by Stephen K. Levine
The theme of this year’s International Expressive Arts Therapy Conference, befitting its location, was “The Flowing Tao of Expressive Arts.” Ellen Levine and I participated, along with other faculty from EGS (including Paolo Knill, Margo Fuchs-Knill and Sally Atkins (with her stellar team from Appalachian State University). Daria Halprin, Director of Tamalpa in Kentfield, California, and an erstwhile EGS teacher, gave the keynote address, focusing directly on the theme. She began by affirming the importance of flow in the creative process, but then questioned whether “flow” was an adequate term to describe that process. After all, what about breaks, stoppages, obstacles? Are they not as significant as flow? And isn’t much of contemporary art representative of such breaks, as our culture is far from a state of flow? Daria then proceeded to give a dynamic demonstration of the relation between flow and non-flow in movement, reflecting afterwards that while flow may perhaps be the goal of Expressive Arts, it can be reached only by going through the painful and discordant moments that arise in the therapeutic and artistic processes. It was an intense and moving (literally) presentation that, to my mind, set the tone for the Conference as a whole. The following is a personal report that sets my own experience in the light of the Conference theme.
In a way, it was a minor miracle that ultimately the Conference went well, with many fine presentations and satisfied participants, considering that there were over 400 participants, from 24 nations, with a diversity of languages and backgrounds. This was in no small part due to the hard work of the organizers and the IEATA Board. I was particularly struck by the enormous hospitality that all the organizers and volunteers showed to us. Expressive Arts is alive in Hong Kong, and the enthusiasm of the teachers and students who were there whenever we needed them demonstrated that.
My own participation began with Ellen Levine and I leading a pre-Conference workshop on “Aesthetic Responsibility: Expressive Arts and Social Change” The workshop challenged participants to find their own aesthetic response to the social situations in which they found themselves in their own countries. We worked mostly through movement, since all the participants were from Asian countries and many of them had little or no English. We used a movement structure that Ellen had developed in which, through a series of “takes,” each dancer found their own movement and then encountered the movement of the other, ending not in “mirroring” but in a mutual affirmation and acceptance of difference. The contrast is what makes the dance powerful.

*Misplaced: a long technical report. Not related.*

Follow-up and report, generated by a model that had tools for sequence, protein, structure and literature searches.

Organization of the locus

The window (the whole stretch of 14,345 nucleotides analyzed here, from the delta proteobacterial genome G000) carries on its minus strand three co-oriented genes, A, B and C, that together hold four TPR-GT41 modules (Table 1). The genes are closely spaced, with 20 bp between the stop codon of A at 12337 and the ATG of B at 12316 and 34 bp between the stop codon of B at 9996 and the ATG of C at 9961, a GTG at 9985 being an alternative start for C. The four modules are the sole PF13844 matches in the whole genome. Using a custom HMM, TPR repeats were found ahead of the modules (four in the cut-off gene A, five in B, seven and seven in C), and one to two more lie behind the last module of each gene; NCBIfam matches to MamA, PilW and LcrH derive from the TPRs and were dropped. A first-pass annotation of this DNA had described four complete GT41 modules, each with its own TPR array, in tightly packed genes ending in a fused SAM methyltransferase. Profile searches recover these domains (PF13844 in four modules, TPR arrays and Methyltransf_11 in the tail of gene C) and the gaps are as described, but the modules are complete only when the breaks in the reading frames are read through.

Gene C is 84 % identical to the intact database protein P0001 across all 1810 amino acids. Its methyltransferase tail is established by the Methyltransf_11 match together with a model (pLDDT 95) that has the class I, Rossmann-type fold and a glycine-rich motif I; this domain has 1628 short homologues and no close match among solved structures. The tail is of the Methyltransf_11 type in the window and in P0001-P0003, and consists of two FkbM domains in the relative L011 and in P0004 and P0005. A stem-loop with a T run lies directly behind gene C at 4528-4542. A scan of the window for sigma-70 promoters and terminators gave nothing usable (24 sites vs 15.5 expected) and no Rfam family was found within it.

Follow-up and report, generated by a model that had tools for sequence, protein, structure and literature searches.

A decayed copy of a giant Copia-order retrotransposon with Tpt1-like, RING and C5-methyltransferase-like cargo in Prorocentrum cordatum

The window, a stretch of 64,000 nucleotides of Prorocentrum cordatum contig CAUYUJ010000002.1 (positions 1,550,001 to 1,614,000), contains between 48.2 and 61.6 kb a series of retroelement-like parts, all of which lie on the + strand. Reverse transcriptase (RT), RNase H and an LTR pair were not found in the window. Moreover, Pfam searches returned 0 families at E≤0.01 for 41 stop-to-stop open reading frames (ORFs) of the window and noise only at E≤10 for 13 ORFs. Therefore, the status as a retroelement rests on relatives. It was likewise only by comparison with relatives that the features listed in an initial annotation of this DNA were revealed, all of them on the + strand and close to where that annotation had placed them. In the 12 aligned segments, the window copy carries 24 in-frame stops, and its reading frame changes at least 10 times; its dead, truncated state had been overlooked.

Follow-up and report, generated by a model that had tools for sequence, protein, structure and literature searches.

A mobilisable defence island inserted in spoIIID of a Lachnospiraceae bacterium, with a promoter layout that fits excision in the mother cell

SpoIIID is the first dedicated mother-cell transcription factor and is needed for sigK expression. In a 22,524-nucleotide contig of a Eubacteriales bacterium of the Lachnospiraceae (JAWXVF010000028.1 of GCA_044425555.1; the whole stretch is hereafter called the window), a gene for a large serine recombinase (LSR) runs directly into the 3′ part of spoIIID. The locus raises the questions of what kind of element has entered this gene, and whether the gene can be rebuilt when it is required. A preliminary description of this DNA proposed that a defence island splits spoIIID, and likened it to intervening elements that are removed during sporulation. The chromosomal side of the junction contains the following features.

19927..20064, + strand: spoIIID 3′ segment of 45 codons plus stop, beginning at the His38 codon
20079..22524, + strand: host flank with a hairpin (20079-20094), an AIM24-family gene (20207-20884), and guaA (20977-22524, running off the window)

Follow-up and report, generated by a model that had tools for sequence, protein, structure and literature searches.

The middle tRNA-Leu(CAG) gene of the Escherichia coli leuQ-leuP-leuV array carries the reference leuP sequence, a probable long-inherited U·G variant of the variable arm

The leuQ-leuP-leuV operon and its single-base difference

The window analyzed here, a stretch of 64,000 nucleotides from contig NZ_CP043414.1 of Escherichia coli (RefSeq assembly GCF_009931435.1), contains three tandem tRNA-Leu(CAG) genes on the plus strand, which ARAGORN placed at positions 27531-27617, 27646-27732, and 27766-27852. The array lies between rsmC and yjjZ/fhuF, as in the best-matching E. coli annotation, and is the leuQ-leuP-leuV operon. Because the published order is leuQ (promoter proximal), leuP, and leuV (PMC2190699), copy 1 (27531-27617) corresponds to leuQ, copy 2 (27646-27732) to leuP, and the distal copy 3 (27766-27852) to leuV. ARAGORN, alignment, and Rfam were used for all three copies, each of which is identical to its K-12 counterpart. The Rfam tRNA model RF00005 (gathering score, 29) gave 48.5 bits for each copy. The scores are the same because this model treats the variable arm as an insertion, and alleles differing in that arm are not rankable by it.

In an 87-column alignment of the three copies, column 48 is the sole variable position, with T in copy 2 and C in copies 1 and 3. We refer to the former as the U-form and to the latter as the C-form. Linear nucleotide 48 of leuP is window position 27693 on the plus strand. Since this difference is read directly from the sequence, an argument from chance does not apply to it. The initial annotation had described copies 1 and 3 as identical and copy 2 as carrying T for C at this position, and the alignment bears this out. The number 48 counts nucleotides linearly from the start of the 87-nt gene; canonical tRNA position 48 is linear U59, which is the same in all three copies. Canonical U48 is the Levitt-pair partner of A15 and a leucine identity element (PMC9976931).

Ellen and I also offered a “Pioneer” presentation on arts-based research in the Expressive Arts during which, after briefly lecturing on the topic, we gave an improvised demonstration, using the model of the “architecture of the session” outlined by Paolo Knill in Principles and Practice of Expressive Arts Therapy. In accordance with this “architecture,” I began by filling-in with a research question that was on my mind: What is the connection between the theme of relationship in therapy and other helping professions, and the arts-based character of the approach to Expressive Arts at the European Graduate School? This question has occupied me for some time, given the growing focus on the concept of relationship in contemporary psychotherapy on the one hand, and the development of an arts-based framework for Expressive Arts at EGS on the other.